Archive for November 6th, 2009


“The Righteous Stuff” – Chapter 18

November 6, 2009

The Righteous Stuff

by Jeffrey D. Waggoner

based on characters and situations in the

“Domination of the Draka” novels written by S.M. Stirling



Excerpt from The X-Planes: America’s Dark Guardians, by Elliott Miller

San Diego University Press, 1968

The XB-60 was a technology without a mission; it was conceived during the Eurasian War, but not ready for testing until early in 1952. By then the unmanned jet-powered bomb was so highly developed that the US Government phased out most plans for high-speed manned bomber runs into Draka territory. “Cruiser bombs” could travel at over Mach 1 long enough, and low enough, to elude the shoreline electrodetection apparatus, and they were cheap enough that saturation bombing was considered practical. Granted, Air Force General Curtis LeMay lobbied for a large manned supersonic bomber force, but he was overruled by the Joint Chiefs, the President and the Senate. (It is widely thought that his run as an America First Party Presidential candidate in 1956 was a direct result of his frustration with his superiors over the Strategic Bomber Command issue.)

By the time the mission changes were made, development of the Mach 3 bomber was well advanced. All the wind tunnel work was complete and the prototypes were under construction in Oakland, California. The Joint Chiefs decided to complete the two test articles and use them for testing of materials and unique wing structure in the high supersonic realm.

It is unknown how such a secret aircraft could have become known to so many, even before a single plane had been built. Rumors flew up and down the West Coast, and were even repeated in Aviation Week before their offices were reportedly visited by the OSS. Finally, the Pacific Aircraft test group at Rodriguez Dry Lake was able to persuade the Air Force to release one of the planes for use as a carrier for the hypersonic planes.

The plane was the largest supersonic manned aircraft built until 1977; it was over 200 feet from nose to tail, with a wingspan of 115 feet when the wingtips were fully extended. It was originally powered by six Curtiss and Whitney turbojets of 32,000 pounds of thrust each. The nose was over thirty feet above the ground when at rest. The engines were upgraded on tail number 77542, the second prototype. It received structural strengthening on the top of the delta wing and a 45-foot mount for the X-14. The improved Curtiss/Whitney RX-37K engines were capable of 38,000 pounds of thrust at 104 per cent power, with afterburner. Weighing just over 200 tons fully fueled, the plane had to lift the weight of the 40-ton X-14 as well. Unloaded it could fly over 2,000 miles an hour at over 70,000 feet.

Unique to the XB-60 were articulated wingtips, which could drop as far as 65 degrees for flying at Mach 3. The aircraft was among the first to use “compression lift,” in which some lift was generated by the shock wave created by the plane in supersonic flight. (A similar effect was later used in the generation of “shockrider” hypersonic aircraft).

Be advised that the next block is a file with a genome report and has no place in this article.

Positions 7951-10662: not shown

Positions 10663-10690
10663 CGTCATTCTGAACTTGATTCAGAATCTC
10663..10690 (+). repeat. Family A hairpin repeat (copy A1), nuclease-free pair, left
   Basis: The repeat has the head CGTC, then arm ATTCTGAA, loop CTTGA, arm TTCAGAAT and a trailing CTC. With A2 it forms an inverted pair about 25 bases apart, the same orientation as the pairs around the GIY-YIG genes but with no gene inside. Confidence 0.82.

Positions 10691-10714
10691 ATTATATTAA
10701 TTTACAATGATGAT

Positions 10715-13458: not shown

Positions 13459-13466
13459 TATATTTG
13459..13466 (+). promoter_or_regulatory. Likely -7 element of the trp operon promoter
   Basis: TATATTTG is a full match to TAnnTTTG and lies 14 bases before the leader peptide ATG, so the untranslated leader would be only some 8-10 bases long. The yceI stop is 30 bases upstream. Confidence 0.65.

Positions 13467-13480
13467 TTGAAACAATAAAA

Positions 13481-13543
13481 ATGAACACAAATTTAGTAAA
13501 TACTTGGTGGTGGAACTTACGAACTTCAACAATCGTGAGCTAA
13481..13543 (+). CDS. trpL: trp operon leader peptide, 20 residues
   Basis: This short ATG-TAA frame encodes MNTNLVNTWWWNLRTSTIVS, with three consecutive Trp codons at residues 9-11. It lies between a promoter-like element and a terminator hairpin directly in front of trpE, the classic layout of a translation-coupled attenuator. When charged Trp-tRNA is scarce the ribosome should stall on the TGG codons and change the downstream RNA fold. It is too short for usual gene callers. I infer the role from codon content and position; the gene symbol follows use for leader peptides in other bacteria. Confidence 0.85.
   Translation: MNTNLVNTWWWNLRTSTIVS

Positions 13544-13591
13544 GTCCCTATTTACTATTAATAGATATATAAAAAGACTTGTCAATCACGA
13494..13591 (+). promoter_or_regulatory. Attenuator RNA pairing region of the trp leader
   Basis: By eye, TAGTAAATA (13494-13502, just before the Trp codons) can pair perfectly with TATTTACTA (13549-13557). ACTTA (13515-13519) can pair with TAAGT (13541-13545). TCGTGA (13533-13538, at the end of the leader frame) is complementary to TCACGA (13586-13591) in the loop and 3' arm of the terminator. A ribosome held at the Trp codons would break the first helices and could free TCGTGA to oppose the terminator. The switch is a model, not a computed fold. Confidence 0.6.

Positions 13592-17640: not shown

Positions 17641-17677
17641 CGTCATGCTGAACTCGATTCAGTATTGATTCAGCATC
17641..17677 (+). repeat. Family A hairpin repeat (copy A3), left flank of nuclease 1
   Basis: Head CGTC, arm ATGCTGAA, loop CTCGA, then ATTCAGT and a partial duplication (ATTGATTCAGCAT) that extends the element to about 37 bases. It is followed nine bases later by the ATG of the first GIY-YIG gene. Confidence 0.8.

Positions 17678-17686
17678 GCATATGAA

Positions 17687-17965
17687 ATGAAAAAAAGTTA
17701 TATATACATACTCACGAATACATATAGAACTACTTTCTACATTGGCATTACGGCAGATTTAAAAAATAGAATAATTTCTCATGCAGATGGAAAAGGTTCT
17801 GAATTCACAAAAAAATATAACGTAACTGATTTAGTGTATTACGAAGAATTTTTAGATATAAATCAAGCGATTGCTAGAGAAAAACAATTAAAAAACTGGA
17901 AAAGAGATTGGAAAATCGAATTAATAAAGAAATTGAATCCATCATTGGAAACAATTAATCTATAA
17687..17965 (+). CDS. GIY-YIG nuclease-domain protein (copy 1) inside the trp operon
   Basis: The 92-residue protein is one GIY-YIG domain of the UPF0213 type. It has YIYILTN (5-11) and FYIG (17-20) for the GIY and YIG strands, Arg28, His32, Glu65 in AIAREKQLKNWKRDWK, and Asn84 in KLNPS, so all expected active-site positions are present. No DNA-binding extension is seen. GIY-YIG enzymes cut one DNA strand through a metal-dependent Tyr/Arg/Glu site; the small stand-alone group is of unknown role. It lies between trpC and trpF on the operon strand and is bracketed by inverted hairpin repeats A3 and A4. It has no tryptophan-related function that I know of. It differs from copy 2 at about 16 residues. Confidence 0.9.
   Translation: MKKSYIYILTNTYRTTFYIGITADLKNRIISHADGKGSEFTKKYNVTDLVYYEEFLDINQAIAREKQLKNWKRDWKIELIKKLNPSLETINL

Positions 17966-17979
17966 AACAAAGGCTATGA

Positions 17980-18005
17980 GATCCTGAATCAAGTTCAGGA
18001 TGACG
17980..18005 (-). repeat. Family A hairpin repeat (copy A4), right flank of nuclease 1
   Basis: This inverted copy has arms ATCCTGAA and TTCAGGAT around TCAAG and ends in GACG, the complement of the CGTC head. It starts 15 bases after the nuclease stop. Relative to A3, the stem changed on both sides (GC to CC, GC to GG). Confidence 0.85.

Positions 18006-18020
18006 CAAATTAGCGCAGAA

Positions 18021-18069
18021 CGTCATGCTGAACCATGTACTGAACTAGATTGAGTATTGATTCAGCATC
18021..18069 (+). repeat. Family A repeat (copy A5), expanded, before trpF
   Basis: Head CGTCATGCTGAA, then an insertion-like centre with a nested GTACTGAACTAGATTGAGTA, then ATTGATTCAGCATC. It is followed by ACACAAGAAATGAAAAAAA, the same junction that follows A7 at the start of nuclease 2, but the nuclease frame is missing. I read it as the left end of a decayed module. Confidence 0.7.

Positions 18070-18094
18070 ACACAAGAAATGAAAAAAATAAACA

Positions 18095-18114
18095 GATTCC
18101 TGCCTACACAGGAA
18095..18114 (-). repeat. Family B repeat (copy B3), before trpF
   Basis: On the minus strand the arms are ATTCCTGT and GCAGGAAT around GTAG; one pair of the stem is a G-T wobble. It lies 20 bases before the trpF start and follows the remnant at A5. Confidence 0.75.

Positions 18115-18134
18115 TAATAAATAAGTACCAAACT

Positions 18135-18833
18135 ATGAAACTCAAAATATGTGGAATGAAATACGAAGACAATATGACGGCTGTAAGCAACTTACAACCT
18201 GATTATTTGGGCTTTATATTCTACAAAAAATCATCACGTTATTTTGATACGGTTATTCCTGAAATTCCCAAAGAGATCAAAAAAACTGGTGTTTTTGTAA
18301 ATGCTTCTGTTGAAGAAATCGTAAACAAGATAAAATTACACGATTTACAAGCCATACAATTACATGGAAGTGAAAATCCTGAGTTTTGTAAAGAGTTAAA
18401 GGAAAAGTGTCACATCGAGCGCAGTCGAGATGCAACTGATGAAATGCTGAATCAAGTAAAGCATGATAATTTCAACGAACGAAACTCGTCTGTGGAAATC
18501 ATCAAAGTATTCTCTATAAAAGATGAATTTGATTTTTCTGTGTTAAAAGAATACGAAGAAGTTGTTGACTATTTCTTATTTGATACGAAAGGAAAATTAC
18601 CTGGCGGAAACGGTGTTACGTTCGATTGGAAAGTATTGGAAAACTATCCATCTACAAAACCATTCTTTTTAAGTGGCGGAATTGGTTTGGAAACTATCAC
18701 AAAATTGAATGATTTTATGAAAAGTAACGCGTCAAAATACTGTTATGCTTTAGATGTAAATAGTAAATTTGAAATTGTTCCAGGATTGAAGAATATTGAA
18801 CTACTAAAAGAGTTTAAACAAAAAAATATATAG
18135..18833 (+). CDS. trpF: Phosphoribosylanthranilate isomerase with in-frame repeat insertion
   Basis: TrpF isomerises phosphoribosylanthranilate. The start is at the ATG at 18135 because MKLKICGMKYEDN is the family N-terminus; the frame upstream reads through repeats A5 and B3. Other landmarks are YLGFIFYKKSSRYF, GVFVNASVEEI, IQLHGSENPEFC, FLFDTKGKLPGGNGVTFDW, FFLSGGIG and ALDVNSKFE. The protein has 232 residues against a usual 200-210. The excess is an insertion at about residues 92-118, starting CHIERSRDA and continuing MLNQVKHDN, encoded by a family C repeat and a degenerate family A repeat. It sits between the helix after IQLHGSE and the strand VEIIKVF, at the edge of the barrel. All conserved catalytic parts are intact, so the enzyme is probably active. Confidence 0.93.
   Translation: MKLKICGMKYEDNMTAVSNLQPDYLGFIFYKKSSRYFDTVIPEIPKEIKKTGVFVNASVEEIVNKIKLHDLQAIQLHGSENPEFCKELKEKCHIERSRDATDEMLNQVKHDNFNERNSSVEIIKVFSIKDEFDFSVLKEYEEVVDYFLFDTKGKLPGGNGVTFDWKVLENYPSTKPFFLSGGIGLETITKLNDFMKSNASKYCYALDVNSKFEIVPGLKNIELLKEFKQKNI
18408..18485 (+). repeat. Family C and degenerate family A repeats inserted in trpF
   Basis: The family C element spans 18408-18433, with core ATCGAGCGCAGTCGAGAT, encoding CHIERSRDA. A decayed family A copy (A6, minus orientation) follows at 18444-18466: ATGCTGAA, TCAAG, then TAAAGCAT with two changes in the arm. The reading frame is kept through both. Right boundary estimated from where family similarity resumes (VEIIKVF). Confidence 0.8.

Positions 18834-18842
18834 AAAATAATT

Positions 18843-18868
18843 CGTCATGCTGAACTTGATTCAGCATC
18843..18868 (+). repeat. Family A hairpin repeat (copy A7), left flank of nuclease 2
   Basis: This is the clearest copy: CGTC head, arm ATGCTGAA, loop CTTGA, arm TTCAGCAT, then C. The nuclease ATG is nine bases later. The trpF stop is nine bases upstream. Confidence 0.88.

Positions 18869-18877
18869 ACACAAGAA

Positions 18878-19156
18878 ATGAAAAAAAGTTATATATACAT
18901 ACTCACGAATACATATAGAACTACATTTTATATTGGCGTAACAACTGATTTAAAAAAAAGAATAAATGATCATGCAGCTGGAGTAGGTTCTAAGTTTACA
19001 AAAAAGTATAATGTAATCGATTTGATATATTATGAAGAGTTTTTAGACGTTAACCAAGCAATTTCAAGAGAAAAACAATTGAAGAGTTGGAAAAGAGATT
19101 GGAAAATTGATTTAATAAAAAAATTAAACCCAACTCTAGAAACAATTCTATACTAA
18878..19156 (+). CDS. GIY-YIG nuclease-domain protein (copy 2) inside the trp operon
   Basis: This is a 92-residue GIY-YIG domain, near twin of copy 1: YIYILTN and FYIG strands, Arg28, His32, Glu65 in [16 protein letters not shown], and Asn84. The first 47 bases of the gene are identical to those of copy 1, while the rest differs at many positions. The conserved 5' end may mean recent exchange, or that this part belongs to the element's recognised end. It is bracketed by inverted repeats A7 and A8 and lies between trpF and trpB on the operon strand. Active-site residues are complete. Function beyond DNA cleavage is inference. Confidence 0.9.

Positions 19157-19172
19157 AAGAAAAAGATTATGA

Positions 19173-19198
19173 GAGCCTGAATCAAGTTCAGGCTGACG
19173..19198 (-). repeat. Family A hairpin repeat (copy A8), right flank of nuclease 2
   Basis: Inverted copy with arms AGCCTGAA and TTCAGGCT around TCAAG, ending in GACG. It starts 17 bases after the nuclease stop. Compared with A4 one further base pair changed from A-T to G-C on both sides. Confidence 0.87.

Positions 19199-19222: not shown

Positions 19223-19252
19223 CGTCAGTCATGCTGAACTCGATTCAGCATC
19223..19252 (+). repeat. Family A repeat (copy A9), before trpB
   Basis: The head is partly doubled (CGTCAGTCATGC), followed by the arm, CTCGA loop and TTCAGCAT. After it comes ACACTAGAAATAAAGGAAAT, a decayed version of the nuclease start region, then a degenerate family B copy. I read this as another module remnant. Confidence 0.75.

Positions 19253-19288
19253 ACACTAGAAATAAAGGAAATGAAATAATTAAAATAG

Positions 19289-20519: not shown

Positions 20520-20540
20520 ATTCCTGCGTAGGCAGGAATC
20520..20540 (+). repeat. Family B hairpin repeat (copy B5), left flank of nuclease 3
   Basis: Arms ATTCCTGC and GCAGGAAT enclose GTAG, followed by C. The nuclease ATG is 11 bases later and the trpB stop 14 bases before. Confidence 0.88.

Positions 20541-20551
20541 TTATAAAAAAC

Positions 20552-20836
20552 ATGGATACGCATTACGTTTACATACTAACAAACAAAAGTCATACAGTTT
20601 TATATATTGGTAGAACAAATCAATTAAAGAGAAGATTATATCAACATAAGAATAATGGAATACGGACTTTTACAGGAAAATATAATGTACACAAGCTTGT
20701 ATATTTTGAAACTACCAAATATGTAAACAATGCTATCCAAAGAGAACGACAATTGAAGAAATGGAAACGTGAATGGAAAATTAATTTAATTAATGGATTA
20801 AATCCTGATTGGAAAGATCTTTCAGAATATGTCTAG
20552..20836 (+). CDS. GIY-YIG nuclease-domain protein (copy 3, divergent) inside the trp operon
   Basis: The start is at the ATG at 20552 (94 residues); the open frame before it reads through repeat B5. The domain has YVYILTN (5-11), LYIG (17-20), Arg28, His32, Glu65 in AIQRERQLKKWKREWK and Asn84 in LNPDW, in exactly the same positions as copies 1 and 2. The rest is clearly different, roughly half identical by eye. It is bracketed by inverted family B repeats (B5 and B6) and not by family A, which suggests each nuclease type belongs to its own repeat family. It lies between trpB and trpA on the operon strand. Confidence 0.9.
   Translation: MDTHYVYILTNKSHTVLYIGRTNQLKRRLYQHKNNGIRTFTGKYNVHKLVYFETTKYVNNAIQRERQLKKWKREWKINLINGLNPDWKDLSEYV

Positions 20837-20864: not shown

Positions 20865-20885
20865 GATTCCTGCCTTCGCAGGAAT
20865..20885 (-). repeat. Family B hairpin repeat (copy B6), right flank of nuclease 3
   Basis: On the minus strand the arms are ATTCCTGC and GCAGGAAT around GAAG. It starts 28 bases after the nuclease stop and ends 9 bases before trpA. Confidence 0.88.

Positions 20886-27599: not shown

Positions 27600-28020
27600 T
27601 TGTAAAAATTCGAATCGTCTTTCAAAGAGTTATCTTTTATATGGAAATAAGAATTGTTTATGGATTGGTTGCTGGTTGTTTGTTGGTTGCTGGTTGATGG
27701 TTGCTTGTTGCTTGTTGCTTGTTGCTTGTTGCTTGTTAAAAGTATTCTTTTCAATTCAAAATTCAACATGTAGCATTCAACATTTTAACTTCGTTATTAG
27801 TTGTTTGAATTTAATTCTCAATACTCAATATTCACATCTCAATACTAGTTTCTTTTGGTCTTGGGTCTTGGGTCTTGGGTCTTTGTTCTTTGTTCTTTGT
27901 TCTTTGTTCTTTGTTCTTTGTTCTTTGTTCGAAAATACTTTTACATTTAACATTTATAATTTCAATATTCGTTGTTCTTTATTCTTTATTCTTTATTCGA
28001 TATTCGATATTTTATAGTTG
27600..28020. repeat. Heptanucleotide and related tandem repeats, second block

Unfortunately, the size of the aircraft generated tremendous stress on the airframe, and the wafer-thin stainless steel and titanium honeycomb structure deteriorated rapidly. 77541 was retired in June of 1956 after only 98 test flights. 77542 was used in the X-14 program until it was destroyed in August of 1955.






APRIL, 1953


“Piece of shit,” muttered Bob Hoover under his breath. “Come on, goddamn it, fly, you mother.” He was hunched over the little sidestick controller in the XB-60 in an awkward posture, as if he could pull the plane from the ground by body language alone. He hated the –60, more than he ever hated anything. He was a fighter pilot, for gossake, not some delivery boy. And this was the ultimate delivery wagon, Two hundred feet long, painted gleaming white, roaring like a sonofabitch as it tried to gain enough lift to take off. Hoover was convinced this plane would kill him, not because he was stupid–he was never stupid–but because it was a horrible, demonic piece-of-shit hardware.

The plane shuddered as it ran over a ripple on the lake bed. Such imperfections on the dry lake were few and far between, but this plane was so ungainly that driving it over a cockroach would probably knock it over. It had been rolling on full afterburner for almost a mile, and still hadn’t reached takeoff speed.

“Three hundred. Steady on, there, Bob, and you’ll have her off the deck in no time,” reported Northfield, much more cheerfully than Hoover liked. Like he could do anything else. Keep her nose on the white line, mash the throttles to the wall, and pray. That’s what this one was about.

“Three twenty. Three twenty-five…you could give it a try now, you know.” Northfield was the right-seater for this trip, but had never flown the beast. Shut up, Al, thought Hoover. I know what I’m doing.

“Give me a minute. She doesn’t feel like she’s pullin’ away yet.” Bob Hoover was said to have a sixth sense about planes, He could feel them, without looking at a single gauge. He was almost never wrong, whether he was estimating Gs on a turn or rate of descent. He was the most intuitive pilot ever to show up at Rodriguez, and still knew the technical stuff cold as well.

Finally he sighed, relaxed a bit, and leaned back. He tapped the controller lightly with his left index finger, and the delta-winged giant leaped into the air. Right where I knew it would be.

“Flight says 6,500 feet of runway. And I read three-forty on the airspeed.” Northfield wrote the numbers on the notepad strapped to his thigh. “Nice job, Bob.”